• lots of information about the borrowers (employment&income verification, information on other existing debts of borrower)
  • low bad debt in relation to interest rates
  • low minimum bid allows wide diversification
  • stringent debt recovery process
  • detailed statistics (>2 years track record) and account performance overview
  • high security standards
  • not that many loan listings. It takes lenders some time to built a large portfolio

Advantages and disadvantages for borrowers:

  • application can be completed totally online (no paperwork, borrowers even submit bank account records digitally)
  • moderate fees
  • fast funding with short auction duration; money accessible within two hours of auction (successfully) closing
  • currently the interest level is very high; this might get better if Isepankur succeeds in getting more lenders

I will publish an in depth review article showing step by step how I tested investing at Isepankur. Look out for this article containing screenshots showing the features and interface in the next days on this blog.

Could Social Networks be the Next P2P Lending Players?

Most of the discussion so far was whether p2p lending is or could become disruptive – threatening the bank’s core business. So it was fast moving internet startups versus the incumbents which were often viewed as not very innovative.

As for social networks, the thoughts centered on how available social networks data could be used to improve the process of p2p lending service. See my article ‘For Debate: Can Data From Social Networks be Used to Reduce Risks in P2P Lending‘. Lending Club in fact aqknowledged in January that it already uses some social network data in it’s process.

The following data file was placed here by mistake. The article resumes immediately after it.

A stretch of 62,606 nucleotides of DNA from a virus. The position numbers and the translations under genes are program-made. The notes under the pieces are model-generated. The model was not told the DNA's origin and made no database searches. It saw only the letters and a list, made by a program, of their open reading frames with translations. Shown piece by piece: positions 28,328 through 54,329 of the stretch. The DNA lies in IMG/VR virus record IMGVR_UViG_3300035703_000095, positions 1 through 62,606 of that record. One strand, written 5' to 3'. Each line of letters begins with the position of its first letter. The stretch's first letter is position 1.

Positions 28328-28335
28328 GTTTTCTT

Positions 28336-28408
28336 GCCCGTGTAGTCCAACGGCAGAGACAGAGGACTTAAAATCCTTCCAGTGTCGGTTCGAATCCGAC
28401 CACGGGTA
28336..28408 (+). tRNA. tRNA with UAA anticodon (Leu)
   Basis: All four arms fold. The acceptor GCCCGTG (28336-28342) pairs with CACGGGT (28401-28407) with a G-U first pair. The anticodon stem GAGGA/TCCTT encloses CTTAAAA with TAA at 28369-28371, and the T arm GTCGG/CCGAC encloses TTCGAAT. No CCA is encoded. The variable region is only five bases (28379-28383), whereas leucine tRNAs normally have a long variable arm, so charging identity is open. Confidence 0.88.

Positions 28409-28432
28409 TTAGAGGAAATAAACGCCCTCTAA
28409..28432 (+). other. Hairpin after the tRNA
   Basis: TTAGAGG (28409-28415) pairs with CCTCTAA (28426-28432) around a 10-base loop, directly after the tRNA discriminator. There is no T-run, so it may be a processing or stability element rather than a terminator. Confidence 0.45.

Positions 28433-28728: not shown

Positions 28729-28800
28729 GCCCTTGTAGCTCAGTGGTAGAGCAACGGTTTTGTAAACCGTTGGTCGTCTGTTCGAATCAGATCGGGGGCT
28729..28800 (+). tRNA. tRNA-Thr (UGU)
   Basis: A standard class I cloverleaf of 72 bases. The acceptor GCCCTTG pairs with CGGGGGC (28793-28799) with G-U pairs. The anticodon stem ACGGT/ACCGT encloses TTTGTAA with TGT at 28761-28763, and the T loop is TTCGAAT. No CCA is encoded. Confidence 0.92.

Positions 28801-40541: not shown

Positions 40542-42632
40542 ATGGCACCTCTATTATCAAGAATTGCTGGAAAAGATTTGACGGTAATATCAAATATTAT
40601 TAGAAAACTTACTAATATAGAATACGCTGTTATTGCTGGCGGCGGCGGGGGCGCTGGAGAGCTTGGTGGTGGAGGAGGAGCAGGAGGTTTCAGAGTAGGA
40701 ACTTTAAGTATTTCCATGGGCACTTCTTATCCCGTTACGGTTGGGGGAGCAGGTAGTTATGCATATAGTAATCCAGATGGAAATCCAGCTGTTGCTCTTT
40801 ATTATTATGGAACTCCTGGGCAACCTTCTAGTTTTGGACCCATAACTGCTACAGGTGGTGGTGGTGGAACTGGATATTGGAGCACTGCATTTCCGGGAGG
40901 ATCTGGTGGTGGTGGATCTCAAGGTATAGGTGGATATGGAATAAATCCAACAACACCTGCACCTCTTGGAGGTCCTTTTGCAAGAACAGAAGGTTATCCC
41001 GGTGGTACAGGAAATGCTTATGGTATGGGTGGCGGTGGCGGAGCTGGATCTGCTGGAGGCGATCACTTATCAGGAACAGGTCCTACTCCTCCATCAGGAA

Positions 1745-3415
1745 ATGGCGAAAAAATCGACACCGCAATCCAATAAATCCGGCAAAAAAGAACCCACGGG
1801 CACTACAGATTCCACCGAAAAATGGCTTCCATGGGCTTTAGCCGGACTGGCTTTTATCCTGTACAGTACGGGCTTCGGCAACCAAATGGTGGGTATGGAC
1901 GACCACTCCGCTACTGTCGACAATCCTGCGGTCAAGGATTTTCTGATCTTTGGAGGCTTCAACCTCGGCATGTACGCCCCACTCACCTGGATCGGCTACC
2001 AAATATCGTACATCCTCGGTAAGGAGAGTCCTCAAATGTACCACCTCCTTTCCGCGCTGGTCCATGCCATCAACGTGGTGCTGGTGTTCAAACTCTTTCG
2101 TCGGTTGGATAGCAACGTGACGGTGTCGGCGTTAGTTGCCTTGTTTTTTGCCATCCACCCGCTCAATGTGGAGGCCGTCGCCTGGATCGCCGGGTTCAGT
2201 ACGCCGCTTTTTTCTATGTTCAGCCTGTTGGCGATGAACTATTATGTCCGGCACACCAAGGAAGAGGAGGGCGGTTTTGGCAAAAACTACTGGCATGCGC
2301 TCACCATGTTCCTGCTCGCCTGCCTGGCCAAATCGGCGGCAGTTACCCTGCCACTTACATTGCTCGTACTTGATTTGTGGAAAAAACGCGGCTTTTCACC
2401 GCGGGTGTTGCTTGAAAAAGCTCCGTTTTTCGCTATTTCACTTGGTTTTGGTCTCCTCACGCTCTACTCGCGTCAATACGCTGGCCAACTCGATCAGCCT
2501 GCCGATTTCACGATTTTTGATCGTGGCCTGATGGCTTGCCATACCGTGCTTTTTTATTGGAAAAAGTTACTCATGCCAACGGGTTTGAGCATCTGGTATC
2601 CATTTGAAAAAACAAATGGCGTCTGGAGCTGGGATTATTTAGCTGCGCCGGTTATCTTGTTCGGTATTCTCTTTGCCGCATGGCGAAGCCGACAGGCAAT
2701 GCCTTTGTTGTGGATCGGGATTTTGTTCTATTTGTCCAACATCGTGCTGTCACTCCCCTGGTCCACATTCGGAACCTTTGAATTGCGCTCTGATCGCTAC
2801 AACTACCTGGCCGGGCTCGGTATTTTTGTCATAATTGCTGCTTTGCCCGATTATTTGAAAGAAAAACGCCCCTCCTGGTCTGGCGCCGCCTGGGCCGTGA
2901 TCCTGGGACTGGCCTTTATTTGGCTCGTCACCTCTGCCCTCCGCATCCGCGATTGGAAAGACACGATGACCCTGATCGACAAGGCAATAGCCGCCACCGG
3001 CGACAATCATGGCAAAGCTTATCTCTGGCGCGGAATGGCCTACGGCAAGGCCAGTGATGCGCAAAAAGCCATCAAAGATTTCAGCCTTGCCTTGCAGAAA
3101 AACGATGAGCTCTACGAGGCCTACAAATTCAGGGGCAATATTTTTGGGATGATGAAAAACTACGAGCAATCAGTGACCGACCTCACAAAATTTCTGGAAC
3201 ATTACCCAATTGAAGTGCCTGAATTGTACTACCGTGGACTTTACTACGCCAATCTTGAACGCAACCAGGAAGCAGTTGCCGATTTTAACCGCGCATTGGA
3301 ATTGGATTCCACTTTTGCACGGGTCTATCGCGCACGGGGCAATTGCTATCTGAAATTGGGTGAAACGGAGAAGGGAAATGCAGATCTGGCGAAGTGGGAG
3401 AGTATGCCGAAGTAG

Now there is an interesting speculation on the Finextra blog (read the comments, too) whether Facebook could compete with the banks and might enter p2p lending in this course. This is an interesting thought. But  the main argument is that Facebook has a large number of users and if only a fraction of them would use financial services  they could gain a huge customer base. With that argument you could argue that Facebook could compete in any industry. Just pick one you like.

And while cross border p2p lending would be fascinating the downside as we already now is that regulation differs widely between national markets. But Facebook could have the size to tackle a task like this. The real question is: Do they plan to?

Which of my predictions for p2p lending trends 2008 came true?

In January 2008 I made some predictions what might happen in p2p lending this year. Now I’ll check on those (the black colored text is the original text, the green and red texts are the review as of today):

More competition and entering more national markets (probability 100%)
In many markets multiple p2p lending services will compete for the attention of lenders and borrowers, especially in the largest market: In the United States Globefunder.com and Loanio.com will launch. In other markets, where there is no national p2p lending service established yet (e.g. Canada, New Zealand, Spain), p2p lending will be introduced by the launch of a service.